Learning the Poetic Line
If you want to understand poetry, and maybe learn how to write it, you definitely want to learn about the different kinds of poetic lines and the uses of line breaks in poetry. The more poetry you read, the more you’ll notice some poets use short lines, some use long, some set all the lines on the left side of the page, and some indent lines differently all over the page. The relationship between the poetic line (including its length and positioning and how it fits into other lines) and the content of a poem is a major aspect of poetry. Some critics go so far as to say that lineation is the defining characteristic of poetry, and many would say it’s certainly one major difference between most poetry and prose. In A Poetry Handbook, poet Mary Oliver says, “prose is printed (or written) within the confines of margins, while poetry is written in lines that do not necessarily pay any attention to the margins, especially the right margin.” Critic and poet James Longenbach, in his preface to The Art of the Poetic Line, also links the definition of poetry to lineation: “Poetry is the sound of language organized in lines.” But the line can be difficult to talk about because it doesn’t operate independently of other poetic elements, as sense, syntax, sound, and rhythm can. Instead, it is a modifier or an amplifier of sense, syntax, sound, and rhythm—which is precisely why an exploration of line can so illuminate poetry as a whole.
The best way to approach the many ways poetic line can operate is to first examine how poets actually use it. Let’s start by reading Geoffrey Brock’s “Homeland Security” aloud, emphasizing each line break with a distinct pause and each stanza break with a slightly longer pause. This is a clumsy way to read because you don’t normally want to pause at the end of a line that doesn’t have punctuation, but this exercise forces us to consider Brock’s line-break decisions. When I read the poem aloud in this way, I notice how many of the lines are enjambed, meaning they don’t end with punctuation or can’t be understood independently on their own. Each time Brock enjambs a line, I face questions I can’t answer without proceeding quickly to the next line. This withholding produces a subtle kind of mystery or anxiety, as I’m not quite sure what each line means until I continue reading the next one. My thought process goes something like this:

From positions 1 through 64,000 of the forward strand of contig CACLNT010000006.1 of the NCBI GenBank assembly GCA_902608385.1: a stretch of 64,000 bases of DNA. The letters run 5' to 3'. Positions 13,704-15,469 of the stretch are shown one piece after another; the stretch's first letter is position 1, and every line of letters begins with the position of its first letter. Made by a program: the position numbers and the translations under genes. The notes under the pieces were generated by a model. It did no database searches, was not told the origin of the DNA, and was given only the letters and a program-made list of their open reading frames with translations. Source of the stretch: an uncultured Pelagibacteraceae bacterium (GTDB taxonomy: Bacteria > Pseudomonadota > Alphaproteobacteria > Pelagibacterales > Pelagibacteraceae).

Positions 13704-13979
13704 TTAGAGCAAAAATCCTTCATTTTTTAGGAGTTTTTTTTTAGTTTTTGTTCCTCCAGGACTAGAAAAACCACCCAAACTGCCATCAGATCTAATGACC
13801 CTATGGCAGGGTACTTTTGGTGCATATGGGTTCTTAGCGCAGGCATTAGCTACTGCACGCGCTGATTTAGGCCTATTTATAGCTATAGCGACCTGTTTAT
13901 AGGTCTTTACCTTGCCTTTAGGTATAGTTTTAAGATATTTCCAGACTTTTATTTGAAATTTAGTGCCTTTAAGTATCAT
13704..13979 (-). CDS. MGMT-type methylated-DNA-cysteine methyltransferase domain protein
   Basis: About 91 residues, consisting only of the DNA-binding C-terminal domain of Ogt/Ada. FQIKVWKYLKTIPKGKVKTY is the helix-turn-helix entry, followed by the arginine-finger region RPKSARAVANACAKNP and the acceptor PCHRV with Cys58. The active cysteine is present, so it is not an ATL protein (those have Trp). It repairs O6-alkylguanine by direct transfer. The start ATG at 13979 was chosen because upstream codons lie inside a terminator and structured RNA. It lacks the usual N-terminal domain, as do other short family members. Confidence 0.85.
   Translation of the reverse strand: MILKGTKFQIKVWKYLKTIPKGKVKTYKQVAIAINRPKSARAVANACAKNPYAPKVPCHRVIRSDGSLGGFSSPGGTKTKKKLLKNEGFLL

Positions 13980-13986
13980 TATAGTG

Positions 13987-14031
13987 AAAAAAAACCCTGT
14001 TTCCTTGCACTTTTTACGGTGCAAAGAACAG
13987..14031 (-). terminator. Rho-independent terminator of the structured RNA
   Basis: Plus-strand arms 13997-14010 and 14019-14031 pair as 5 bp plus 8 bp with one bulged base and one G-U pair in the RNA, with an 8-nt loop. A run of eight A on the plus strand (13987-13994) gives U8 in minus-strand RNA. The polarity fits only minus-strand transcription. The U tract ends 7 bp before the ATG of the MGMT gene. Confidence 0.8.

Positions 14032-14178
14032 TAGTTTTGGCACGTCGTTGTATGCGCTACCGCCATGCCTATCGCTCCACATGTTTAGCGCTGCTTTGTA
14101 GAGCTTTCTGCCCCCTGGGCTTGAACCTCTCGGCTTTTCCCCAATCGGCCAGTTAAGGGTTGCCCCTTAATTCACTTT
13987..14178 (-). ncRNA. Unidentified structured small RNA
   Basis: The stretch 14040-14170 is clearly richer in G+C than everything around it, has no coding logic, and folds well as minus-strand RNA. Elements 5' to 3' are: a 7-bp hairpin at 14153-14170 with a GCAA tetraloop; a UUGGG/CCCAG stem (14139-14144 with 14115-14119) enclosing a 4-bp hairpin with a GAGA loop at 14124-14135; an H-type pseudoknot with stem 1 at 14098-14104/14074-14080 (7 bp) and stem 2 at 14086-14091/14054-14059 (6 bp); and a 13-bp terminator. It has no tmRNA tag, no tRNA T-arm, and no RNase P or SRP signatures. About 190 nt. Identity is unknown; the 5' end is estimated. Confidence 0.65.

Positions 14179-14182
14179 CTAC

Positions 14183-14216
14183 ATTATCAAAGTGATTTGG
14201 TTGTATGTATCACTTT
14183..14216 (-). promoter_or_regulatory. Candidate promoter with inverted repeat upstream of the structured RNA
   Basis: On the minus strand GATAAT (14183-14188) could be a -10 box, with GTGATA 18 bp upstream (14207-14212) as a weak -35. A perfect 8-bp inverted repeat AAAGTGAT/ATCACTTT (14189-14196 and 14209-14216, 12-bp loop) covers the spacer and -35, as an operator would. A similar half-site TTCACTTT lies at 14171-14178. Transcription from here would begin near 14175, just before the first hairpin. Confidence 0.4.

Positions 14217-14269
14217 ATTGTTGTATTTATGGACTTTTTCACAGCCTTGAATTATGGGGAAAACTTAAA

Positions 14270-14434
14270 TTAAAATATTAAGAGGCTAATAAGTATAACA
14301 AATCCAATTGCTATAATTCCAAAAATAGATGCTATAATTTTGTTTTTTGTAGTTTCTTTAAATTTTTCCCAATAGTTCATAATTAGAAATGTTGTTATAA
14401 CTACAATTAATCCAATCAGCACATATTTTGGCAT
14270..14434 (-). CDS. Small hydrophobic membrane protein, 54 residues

The four AM cries
of my son worm
through the double
foam of earplugs
(Cries at four a.m., or is four a.m. itself crying?
(Ah, a baby or kid. Weird to end on worm. Is the son wormlike?)
(Ah, earplugs! There must be two of them. OK, I’m feeling good here—wait, there’s a big break.)
(Oh. Huh. This is an anti-anxiety drug. That raises the stakes a bit. And the diazepam is part of the double foam, isn't it? One more barrier the cries have to break through. The speaker is both physically and mentally guarded.)
Brock’s use of enjambment allows him to dole out information bit by bit, heightening readers’ curiosity and the drama hidden inside an otherwise common domestic scene. Look what happens if we reconfigure the poem to take away that enjambment and end-stop the lines, as below. This means each line terminates in a complete phrase or with end punctuation.
The four AM cries of my son
worm through the double foam
of earplugs and diazepam.
Far fewer questions propel me through the poem. The brief mysteries are clarified, and gone are some of the odder valences the enjambment produced, such as the interesting association between worm and son, which lumps the child in with other things to guard against, such as poisonous spiders. (Note, however, that the similar vowel sounds of son and foam are highlighted in this new arrangement, as are the em sounds closing off foam and diazepam—a hint of consonance. We’ll talk more about sound later.) And if I take this experiment even further:
The four AM cries of my son worm through the double foam of earplugs and diazepam.
Well, now I’m just uninterested. Without the odd tones and questions the original enjambed lines produced, this scene seems ordinary and dull.
We should also think about the choices Brock isn’t making. Consider a more severe enjambment:
Breaking on four amplifies the sense of it as a numeral, but the number of cries doesn’t seem to have any real significance. Brock’s original lineation suppresses this unwanted significance. Lineation is one of many devices poets use to emphasize or subordinate meaning, to orchestrate ambiguities, and to encourage the interpretations they desire while closing off unwanted avenues. Lineation shapes readers’ involvement in and understanding of a poem. As a writer of poetry, it’s one of the best ways to steer readers’ experience of language and different potential meanings.